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Golden Girl

Another great read from Hilderbrand, sure to please her many fans and new readers alike.

Daughters of Sparta

Recommended for fans of Madeline Miller or readers interested in Greek mythology, historical fiction, and women leading characters.


A Song Everlasting

Some readers may not find the protagonist’s internal struggle compelling, but his story is written with heart and hope.

The Therapist

Paris’s fifth novel (after The Dilemma) is not on the same level as her great debut, Behind Closed Doors. Alice is overeager, insipid, and immature; she makes terrible decisions and flails willy-nilly throughout the story. Supporting characters are not fleshed out nor likable, making it hard to become invested. The big reveal is unconvincing, and the killer’s backstory isn’t particularly believable. Only for diehard Paris fans.

Bone Rattle

Cameron writes with great respect for Indigenous Alaskans and builds suspense steadily in this story. Readers can pick up this installment without having read the other titles in the series. This crime fiction won’t disappoint fans of law enforcement novels and adventures set in the Alaska wilderness.

Two Old Men and a Baby: Or, How Hendrik and Evert Get Themselves into a Jam

A very funny book that should appeal widely.

Above the Rain

Readers of his previous works will welcome the author’s ambition, but fans of crime fiction may struggle with the meandering pace and abandon the story before he successfully pulls all the threads together.

Debut Author Ash Davidson Discusses Her Epic, Immersive Novel Damnation Spring

Read-Alikes for ‘The Maidens’ by Alex Michaelides | LibraryReads


Black Sci-Fi Short Stories

The latest installment of Flame Tree Press’s “Gothic Fantasy” series has something for every speculative fiction taste. All of the short stories, old and new, are written by authors of color, and many have appeared in other compilations. The oldest story, by Martin Delany, was first published before the American Civil War; the most recent were published in 2019. The W. E. B. Du Bois short story “The Comet” appears on several college required reading lists.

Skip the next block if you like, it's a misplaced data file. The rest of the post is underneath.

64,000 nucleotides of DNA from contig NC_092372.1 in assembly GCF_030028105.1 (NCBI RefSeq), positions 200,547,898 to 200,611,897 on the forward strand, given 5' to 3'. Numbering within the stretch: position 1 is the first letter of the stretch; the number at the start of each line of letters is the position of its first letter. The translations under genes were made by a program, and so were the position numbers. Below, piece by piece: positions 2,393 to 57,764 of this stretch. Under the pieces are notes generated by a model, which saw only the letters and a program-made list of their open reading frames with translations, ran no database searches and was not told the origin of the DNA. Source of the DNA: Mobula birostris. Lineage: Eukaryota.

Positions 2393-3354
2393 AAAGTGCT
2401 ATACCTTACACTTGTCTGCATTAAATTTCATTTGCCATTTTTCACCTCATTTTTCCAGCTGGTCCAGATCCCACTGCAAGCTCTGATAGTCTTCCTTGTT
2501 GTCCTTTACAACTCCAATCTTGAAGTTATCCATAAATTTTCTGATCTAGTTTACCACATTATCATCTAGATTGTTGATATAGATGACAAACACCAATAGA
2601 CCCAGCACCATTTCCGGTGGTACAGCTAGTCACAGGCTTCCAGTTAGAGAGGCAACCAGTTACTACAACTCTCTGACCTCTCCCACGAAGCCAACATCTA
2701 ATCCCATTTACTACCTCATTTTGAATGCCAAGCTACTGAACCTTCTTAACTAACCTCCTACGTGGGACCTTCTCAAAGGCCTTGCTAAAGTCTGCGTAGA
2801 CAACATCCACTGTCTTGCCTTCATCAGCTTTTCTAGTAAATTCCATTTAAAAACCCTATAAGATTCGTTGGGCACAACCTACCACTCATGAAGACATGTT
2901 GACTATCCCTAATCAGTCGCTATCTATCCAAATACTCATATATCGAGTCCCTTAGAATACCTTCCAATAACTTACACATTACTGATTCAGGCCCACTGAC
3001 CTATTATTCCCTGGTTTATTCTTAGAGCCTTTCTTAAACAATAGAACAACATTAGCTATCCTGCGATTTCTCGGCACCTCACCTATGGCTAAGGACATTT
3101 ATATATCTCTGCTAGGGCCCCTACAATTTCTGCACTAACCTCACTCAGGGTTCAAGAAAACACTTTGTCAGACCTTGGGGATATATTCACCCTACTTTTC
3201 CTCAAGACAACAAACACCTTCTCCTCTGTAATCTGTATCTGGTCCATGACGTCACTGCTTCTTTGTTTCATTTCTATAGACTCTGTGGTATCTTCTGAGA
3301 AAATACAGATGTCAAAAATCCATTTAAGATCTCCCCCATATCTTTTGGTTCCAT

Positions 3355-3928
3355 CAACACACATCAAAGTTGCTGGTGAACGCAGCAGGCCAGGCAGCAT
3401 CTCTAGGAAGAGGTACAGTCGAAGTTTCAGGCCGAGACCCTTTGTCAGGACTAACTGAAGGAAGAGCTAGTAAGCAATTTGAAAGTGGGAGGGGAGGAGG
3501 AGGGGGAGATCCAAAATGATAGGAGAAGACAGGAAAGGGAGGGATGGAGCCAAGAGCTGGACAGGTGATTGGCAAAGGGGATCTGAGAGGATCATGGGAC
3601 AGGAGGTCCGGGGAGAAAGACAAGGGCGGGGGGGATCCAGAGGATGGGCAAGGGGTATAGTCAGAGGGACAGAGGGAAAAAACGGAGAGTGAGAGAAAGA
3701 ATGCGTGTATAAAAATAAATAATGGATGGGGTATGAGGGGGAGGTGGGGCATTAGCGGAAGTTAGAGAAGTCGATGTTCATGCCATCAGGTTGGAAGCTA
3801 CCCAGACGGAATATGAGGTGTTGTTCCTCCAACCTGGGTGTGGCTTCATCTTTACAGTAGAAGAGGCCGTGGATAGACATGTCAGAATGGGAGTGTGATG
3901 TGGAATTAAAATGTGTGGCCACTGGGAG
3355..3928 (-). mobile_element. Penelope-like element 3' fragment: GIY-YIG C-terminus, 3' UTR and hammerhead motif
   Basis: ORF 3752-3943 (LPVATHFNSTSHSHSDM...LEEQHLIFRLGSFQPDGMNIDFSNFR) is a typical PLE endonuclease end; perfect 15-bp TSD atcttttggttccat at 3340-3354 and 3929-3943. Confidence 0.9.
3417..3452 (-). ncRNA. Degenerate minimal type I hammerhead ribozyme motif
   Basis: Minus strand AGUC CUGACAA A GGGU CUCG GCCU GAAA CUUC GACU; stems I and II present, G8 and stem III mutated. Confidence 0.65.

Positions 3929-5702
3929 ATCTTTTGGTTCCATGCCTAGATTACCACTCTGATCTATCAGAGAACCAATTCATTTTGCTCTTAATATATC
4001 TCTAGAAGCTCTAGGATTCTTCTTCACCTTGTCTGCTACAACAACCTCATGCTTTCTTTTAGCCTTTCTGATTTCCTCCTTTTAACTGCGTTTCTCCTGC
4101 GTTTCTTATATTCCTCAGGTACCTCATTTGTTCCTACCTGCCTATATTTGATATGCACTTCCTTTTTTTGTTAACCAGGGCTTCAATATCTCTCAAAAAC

Big Dark Hole: And Other Stories

In this collection, Ford (“The Well-Built City” trilogy) serves up a variety of staples from the sci-fi/horror buffet: monsters, ghosts, fairies, and even a creepy carnival. Exacting language and well-drawn characters give these stories enough depth to satisfy both sci-fi/fantasy fans and literary fiction readers. Seamlessly blending the surreal with the mundane, Ford gives readers an innocuous ride to places they never knew they wanted to go. Recommended for fans of Neil Gaiman and Ursula Le Guin.

The Gene of Life

A clunky thriller that relies entirely on plot and character tropes to move the action along. However, it also throws so much at the reader, at such a fast pace, that the reader cannot be faulted for occasional confusion. Others may find that the numerous conspiracy theories Takashima builds into the plot add excitement, but they also create the quagmire of a little too much for one title.


This Thing Between Us

Creepy and engaging, this work will make an impactful addition to horror sections and displays.

Chasing the Boogeyman

For true crime and horror fans, this one’s essential.

Read-Alikes for ‘The President’s Daughter’ by Bill Clinton and James Patterson | LibraryReads


Jim Hanvey, Detective

The slow-moving detective stories, with no murder or violence, are likely to appeal to readers who enjoy classic short mysteries such as G. K. Chesterton’s “Father Brown” tales.

The Warlord

Fans of Showalter’s long-running series will be elated to finally have a story with Taliyah as the main character, while new readers will be able to step into the established world at the start of a new story arc. For fans of paranormal romance with snarky characters and quippy lines.